This is the time of year when maple syrup products should be enticing! 6oz candy makes a great ‘stocking stuffer’ or easily-plated party desert; a jar of maple cream makes a rich, decadent thank-you gift for a co-worker, colleague, or family member. Turn on to something that is heavenly, and produced by a grower co-op!



Due to wet winter conditions, Thomas Farm is done with all fresh flowers until fields are drier. Full Belly Farm has finished with dried bouquets and wreaths. Stay tuned for floral updates in the new year!


Merchandising Corner

Add Value to Your Produce Department

Customers can almost always find a cheaper place to shop. Trying to compete based on price along puts you in a “race to the bottom,” making it extremely difficult to succeed. Offering a diverse product line appealing to your target customer, creating enticing displays, utilizing easy to read signage and maintaining a clean department are all ways to appeal to your customer base. In addition, your Produce Department must offer excellent customer service to demonstrate you truly care about customer satisfaction.

Satisfying customers should be the highest priority of every member of the Produce Department. A satisfied customer purchases more on each visit and visits more often. Creating a satisfying experience begins by following the guidelines already discussed and by following a few additional rules of thumb.

  • Treat every customer with respect and courtesy.
  • Use the 10-4 rule when a customer approaches you:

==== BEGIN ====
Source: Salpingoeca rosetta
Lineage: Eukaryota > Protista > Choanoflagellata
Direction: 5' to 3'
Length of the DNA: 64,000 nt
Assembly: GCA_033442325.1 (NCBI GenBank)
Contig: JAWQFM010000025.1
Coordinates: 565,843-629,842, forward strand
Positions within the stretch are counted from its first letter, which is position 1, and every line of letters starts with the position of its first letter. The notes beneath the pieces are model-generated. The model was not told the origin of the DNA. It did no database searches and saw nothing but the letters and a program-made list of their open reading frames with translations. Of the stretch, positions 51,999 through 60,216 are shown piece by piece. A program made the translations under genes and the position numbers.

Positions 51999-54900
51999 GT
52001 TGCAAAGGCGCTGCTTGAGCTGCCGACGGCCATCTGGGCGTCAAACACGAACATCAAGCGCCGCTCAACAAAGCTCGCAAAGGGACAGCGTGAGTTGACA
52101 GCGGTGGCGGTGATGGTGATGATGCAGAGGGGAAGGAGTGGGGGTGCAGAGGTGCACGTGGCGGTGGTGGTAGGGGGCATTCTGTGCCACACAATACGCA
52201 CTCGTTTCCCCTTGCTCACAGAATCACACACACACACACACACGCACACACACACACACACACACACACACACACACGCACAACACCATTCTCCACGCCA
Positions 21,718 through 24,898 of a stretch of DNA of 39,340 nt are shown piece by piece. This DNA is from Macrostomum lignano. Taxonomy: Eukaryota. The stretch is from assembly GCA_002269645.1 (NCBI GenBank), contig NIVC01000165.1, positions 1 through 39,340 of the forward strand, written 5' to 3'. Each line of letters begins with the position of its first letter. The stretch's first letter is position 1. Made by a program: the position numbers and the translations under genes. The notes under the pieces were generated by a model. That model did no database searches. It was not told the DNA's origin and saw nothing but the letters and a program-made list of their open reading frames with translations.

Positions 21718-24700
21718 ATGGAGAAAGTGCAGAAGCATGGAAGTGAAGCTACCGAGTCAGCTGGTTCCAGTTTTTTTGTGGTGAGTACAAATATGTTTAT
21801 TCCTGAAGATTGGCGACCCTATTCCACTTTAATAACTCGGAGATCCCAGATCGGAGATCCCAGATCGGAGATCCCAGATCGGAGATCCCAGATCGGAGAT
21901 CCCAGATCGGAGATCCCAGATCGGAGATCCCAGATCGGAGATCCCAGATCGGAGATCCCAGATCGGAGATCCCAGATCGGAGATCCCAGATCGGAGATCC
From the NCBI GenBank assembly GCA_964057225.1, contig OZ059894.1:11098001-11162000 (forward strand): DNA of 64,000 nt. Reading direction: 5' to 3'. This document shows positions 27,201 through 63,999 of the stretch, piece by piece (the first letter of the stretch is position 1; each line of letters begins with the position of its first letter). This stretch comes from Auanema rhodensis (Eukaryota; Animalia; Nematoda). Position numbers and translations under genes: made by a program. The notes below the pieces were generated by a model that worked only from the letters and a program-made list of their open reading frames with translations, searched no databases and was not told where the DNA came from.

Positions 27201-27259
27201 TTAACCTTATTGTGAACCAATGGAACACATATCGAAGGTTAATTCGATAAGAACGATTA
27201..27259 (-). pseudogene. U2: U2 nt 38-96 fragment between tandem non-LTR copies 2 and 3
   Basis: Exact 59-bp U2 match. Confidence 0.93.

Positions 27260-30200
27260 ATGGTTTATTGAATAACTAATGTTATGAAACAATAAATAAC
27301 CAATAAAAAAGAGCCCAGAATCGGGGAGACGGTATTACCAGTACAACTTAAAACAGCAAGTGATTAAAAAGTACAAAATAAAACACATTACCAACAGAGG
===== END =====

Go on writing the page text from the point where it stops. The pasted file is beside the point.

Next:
• Within 10’—acknowledge the customer’s presence; a smile, friendly nod or wave is all that is needed.
    • Within 4’—verbally engage by greeting in a friendly, professional manner; a “Good morning/afternoon/evening, how are you?” or “Is there something I can help you find?” or “Are you finding everything you need?” are all effective options. The idea is to offer assistance without striking up a long conversation as neither of you have time to chat.
  • Never say “I don’t know” without following it with “but let me find out for you.” Follow through on getting whatever is requested. If follow-up is required after the shopper leaves the store, make sure you have contact information. If the question is about another department’s product, connect the shopper with the appropriate person to help.
  • Be familiar with the day’s specials, particularly tasty items, so you can suggest items if a customer seems receptive to ideas or asks specifically.
  • Suggest an alternative product if a customer is looking for an unavailable item.
  • Become familiar with the farm labels the store carries, to share the grower information with customers. Online grower profiles are available as a resource at
  • Field Guide to Produce: How to Identify, Select, and Prepare Virtually Every Fruit and Vegetable at the Market, by Aliza Green is a handy reference for answering questions about nutritional value, cooking methods, etc. Refer to it as needed to provide exceptional service.